The First American Presbytery was formed in Philadelphia in 1706, and in 1716 it became the Synod of Philadelphia. In 1729, the Synod of Philadelphia adopted the Westminster Confession and the Larger and Shorter Catechisms as its confession of faith. In 1788, the Synod adopted the official name of "The Presbyterian Church in the United States of America" and held its first meeting in 1789. In 1857, the New School movement became divided over the issue of slavery and formed the United Synod of the Presbyterian Church. In 1861, the Old School movement of the South withdrew from the national church and formed the General Assembly of the Presbyterian Church in the Confederate States of America, a continuing church of the former body. Near the end of the American Civil War, the Presbyterian Church in the Confederate States of America and a few smaller synods formed the Presbyterian Church in the United States. In 1972, a conservative movement removed itself from the Presbyterian Church in the United States to form the Presbyterian Church in America, a continuing church. In 1982, the Reformed Presbyterian Church, Evangelical Synod merged with the Presbyterian Church in America.
In 1983, a few churches in the North Georgia Presbytery of the Presbyterian Church in America withdrew from the denomination over purity of doctrine and ecclesiastical practices, calling themselves Covenant Presbytery. In 1985, Covenant Presbytery formed the Reformed Presbyterian Church in the United States as a continuing church. In 1990, the Reformed Presbyterian Church divided into four presbyteries and changed its name to the Reformed Presbyterian Church in the Americas.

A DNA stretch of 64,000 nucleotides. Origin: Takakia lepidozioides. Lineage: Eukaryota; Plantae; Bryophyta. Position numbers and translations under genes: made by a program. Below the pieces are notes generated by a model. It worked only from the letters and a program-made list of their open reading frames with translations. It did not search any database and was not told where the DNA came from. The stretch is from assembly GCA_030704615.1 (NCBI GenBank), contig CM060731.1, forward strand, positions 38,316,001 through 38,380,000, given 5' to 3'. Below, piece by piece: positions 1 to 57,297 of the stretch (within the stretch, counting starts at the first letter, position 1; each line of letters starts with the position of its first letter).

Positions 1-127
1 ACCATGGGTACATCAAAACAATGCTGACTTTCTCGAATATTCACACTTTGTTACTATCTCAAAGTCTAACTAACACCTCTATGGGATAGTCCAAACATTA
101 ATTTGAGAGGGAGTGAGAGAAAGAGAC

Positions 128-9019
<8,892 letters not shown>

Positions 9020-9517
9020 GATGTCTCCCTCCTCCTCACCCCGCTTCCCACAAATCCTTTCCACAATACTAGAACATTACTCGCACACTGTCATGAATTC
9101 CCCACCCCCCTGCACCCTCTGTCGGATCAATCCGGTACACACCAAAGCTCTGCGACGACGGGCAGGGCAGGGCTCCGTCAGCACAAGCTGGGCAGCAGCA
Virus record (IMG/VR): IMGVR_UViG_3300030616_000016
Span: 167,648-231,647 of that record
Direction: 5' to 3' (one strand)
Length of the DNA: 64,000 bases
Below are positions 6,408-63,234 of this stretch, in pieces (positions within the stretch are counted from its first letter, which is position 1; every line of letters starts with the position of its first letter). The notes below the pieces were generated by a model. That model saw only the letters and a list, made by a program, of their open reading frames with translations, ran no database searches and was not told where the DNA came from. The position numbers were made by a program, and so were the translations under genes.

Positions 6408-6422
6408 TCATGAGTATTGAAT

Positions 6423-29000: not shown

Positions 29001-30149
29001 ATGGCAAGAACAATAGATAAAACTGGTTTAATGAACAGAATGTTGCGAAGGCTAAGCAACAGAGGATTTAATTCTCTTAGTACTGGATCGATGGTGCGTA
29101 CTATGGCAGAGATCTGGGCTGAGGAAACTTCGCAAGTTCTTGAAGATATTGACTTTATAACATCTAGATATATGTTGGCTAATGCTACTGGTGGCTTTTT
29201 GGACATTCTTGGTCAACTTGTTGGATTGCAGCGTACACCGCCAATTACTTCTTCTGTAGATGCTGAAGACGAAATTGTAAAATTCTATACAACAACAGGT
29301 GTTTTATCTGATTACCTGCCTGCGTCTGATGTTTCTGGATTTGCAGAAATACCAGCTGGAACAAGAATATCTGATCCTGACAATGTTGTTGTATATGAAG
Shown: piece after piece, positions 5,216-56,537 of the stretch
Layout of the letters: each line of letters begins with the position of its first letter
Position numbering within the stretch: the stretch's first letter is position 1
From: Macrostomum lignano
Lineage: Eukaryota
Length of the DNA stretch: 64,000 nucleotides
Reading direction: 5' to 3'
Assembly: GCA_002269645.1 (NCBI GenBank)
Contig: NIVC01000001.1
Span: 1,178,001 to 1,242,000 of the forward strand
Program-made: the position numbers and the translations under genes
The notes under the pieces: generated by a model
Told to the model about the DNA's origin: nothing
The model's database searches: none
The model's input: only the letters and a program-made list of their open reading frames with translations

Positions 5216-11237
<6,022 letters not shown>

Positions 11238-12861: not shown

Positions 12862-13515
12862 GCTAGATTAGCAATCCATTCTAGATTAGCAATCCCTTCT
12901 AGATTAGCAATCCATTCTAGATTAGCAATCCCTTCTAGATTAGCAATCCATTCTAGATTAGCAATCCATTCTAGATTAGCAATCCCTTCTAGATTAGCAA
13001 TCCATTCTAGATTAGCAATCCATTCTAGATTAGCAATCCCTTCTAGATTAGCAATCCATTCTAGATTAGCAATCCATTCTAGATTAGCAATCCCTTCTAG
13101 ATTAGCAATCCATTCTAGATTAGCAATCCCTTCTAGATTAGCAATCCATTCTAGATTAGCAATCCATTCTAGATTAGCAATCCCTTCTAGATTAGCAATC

The following year three of the four presbyteries chose to depart, citing the Reformed Presbyterian Church in America's failure to establish and maintain a system of church discipline and inability to finalize on a constitution.
After the departure, the Western Presbytery dissolved itself with several churches electing to join with the Westminster Presbytery. One member church left the Hanover Presbytery (which chose to stand alone to this day) and also joined the Westminster Presbytery. During this time, the Westminster Presbytery sought counsel with representatives of several other denominations, some of whom requested that the presbytery join with their denomination.
Its first General Assembly adopted a Book of Church Order utilizing large parts of the original from the Westminster Assembly. Boundaries for four presbyteries were laid out, with churches established in each.